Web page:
Learn Chinese: biáng

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Chinese characters, often regarded by foreigners as those unreadable squiggly lines, are used by millions of Chinese people every day. In fact, Chinese characters are the world's oldest continuously used system of writing. For the majority of characters, only a handful strokes are required, with more complicated ones requiring upwards of 10. However, there is a single character so complex and intricate, a total of 57 (or 58, depending on who you ask) strokes are used to write it.

You might be wondering what such a complicated character could represent. The aligning of two souls? A mighty warrior? The smell of the morning mist lingering on a flower? No. The most complex character in the Chinese language represents noodles—because of course it does.

The Origin

This character, in Pinyin (Chinese romanization) can be read as biángbiáng miàn, or biangbiang noodles, a dish of wide, flat noodles popular in the northwestern Chinese province of Shaanxi. Because it can't be found in dictionaries, the character's actual origins are a mystery. Some argue that it is a physical representation of the sound made when the chef slams the noodles against the table while making them. Others believe, and this is the most plausible, that the owner of a bygone noodle shop simply made it up. Maybe he was ahead of his time as a linguist, or maybe he just combined a bunch of different characters and claimed it as his own.

Despite having no definitive origin, this character is still widely used throughout China on restaurant signs, menus, and as a game to challenge Chinese people's writing ability. The closest thing to compare it to might be the made-up supercalifragilisticexpialidocious in the movie "Mary Poppins." Both have an unknown origin, their own Wikipedia page, and follow the rules of their respective languages; and although both have a distinct definition, are often used in a joking way.

The Character

So, does the character have any meaning among the 57 strokes? Biáng is actually just a combination of several other Chinese characters. These include 言 (speak; 7 strokes), 幺 (tiny; 2x3 strokes), 馬(horse; 10 strokes), 長 (grow; 2x8 strokes), 月 (moon; 4 strokes), 心 (heart; 4 strokes),刂 (knife; 2 strokes), 穴 (cave; 5 strokes) and 辶 (walk; 4 strokes). For most people, despite attempting to find logic in the character, biáng doesn't represent or mean anything other than delicious noodles. The reason this character is so challenging to write is that Chinese characters have something called a stroke order, requiring each character's strokes (the horizontal, vertical, and diagonal lines) to be written in a specific order. So just copying a character, despite it looking the same, would be labeled "incorrect" if the stroke order was wrong. As such, following the correct stroke order for the 57 strokes in biáng is no easy feat.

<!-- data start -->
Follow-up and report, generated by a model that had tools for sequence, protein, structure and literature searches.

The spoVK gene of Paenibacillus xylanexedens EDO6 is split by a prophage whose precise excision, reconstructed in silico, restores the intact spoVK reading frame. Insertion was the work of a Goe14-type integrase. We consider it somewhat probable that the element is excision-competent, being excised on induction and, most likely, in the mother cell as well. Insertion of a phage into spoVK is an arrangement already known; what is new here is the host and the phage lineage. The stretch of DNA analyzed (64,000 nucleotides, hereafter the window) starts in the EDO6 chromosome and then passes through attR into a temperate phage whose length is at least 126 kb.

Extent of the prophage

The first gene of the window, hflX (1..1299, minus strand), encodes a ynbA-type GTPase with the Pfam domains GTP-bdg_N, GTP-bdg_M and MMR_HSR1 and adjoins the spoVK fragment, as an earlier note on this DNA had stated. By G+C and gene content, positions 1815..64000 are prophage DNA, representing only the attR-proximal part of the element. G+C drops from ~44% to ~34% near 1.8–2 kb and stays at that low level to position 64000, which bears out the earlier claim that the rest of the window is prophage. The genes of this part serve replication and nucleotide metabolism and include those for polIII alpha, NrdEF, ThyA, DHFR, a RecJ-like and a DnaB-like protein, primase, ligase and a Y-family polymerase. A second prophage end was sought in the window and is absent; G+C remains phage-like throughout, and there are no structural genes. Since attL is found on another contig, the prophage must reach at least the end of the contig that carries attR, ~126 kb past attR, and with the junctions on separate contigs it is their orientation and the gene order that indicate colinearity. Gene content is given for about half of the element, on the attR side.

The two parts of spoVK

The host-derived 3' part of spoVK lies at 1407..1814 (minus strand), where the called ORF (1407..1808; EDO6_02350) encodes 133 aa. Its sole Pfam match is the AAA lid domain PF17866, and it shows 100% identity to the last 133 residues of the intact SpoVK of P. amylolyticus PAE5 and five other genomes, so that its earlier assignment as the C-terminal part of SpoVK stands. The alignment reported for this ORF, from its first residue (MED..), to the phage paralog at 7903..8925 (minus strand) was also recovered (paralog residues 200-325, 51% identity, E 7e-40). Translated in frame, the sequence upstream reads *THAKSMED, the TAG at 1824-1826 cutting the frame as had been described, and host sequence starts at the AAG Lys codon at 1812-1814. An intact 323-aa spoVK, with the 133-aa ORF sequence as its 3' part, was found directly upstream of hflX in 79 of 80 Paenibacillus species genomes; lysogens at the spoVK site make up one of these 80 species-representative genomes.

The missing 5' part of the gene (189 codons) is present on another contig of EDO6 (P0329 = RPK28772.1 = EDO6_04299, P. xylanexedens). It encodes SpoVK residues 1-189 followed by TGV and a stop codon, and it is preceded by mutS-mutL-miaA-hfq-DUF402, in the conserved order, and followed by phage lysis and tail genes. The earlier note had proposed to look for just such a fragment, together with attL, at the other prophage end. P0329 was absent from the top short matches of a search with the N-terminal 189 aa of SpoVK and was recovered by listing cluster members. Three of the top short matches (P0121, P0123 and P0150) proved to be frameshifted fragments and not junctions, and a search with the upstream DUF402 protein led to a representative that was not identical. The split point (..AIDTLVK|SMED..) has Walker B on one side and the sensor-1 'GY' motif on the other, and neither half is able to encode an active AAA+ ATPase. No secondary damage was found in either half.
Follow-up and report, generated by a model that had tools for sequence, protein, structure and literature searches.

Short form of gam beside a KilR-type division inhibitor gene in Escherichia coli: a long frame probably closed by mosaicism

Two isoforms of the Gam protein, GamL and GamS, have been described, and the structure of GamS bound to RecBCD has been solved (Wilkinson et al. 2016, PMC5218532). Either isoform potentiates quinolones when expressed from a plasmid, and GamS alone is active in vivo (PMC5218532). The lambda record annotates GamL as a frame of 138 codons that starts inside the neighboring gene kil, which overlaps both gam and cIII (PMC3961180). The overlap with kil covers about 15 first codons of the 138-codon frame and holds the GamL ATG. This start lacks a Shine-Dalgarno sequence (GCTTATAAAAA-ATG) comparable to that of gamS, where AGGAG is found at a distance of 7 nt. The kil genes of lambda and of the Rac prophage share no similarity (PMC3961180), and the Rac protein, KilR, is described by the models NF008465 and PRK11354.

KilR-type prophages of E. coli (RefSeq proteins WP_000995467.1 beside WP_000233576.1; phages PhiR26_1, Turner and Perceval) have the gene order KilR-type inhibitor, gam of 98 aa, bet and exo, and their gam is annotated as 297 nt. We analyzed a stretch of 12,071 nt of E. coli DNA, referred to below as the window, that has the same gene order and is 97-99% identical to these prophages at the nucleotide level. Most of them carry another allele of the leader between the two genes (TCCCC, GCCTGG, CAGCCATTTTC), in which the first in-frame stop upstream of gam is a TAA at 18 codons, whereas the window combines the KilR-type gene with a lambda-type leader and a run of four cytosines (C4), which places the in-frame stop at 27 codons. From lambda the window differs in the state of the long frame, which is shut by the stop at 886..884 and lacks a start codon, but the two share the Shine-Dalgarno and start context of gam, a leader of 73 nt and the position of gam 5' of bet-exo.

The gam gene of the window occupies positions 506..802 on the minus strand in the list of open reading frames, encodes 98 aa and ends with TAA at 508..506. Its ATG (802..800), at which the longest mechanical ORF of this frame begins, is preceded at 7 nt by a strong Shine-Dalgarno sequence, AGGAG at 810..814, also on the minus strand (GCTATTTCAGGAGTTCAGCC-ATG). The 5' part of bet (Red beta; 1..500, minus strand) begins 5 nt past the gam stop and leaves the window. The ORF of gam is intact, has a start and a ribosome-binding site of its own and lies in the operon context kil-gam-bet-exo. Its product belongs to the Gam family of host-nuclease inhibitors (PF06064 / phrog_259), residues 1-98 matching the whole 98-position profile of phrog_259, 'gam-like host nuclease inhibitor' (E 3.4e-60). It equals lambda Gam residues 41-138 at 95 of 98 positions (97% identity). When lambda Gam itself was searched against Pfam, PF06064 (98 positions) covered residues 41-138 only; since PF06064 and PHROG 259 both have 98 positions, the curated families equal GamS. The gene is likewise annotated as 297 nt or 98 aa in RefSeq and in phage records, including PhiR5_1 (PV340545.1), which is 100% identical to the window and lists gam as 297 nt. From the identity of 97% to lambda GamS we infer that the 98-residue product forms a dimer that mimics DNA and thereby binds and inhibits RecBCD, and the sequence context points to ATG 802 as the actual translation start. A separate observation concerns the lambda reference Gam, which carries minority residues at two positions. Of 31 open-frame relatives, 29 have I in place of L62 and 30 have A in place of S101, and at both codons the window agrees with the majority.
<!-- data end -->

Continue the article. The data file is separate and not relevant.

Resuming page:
The Noodles

Learning how to write the most complicated Chinese character can be fun, but the question many people are interested in is: how are the noodles? In the province from whence they hail, they are known as one of the "eight strange wonders of Shaanxi." The noodles themselves are thick and wide, typically served in a broth accompanied by carrots, garlic, tofu, onion, ginger and seasoned with salt, allspice, chili powder, soy sauce, and vinegar. The noodles can be served with or without meat, made spicy with an oil-based sauce of finely chopped chili peppers, and are usually garnished with a sprig of cilantro.

A long time ago, biángbiáng noodles were thought to be eaten only by poor people in the countryside, but nowadays, they have gone mainstream due to the complex and unique character that has somehow come to represent them. The recipe may not have changed, but the mysterious and complex character has elevated these noodles to new heights.

Whether or not you are able to write the character, which even for many Chinese people remains a challenge, the noodles themselves are worth trying. The unique flavors that swirl around the thick, hearty noodles are reason enough, but it's also worth seeing a Chinese waitress smile as she sees a foreigner look up at her and say, "One order of biángbiáng miàn please."

China.org.cn


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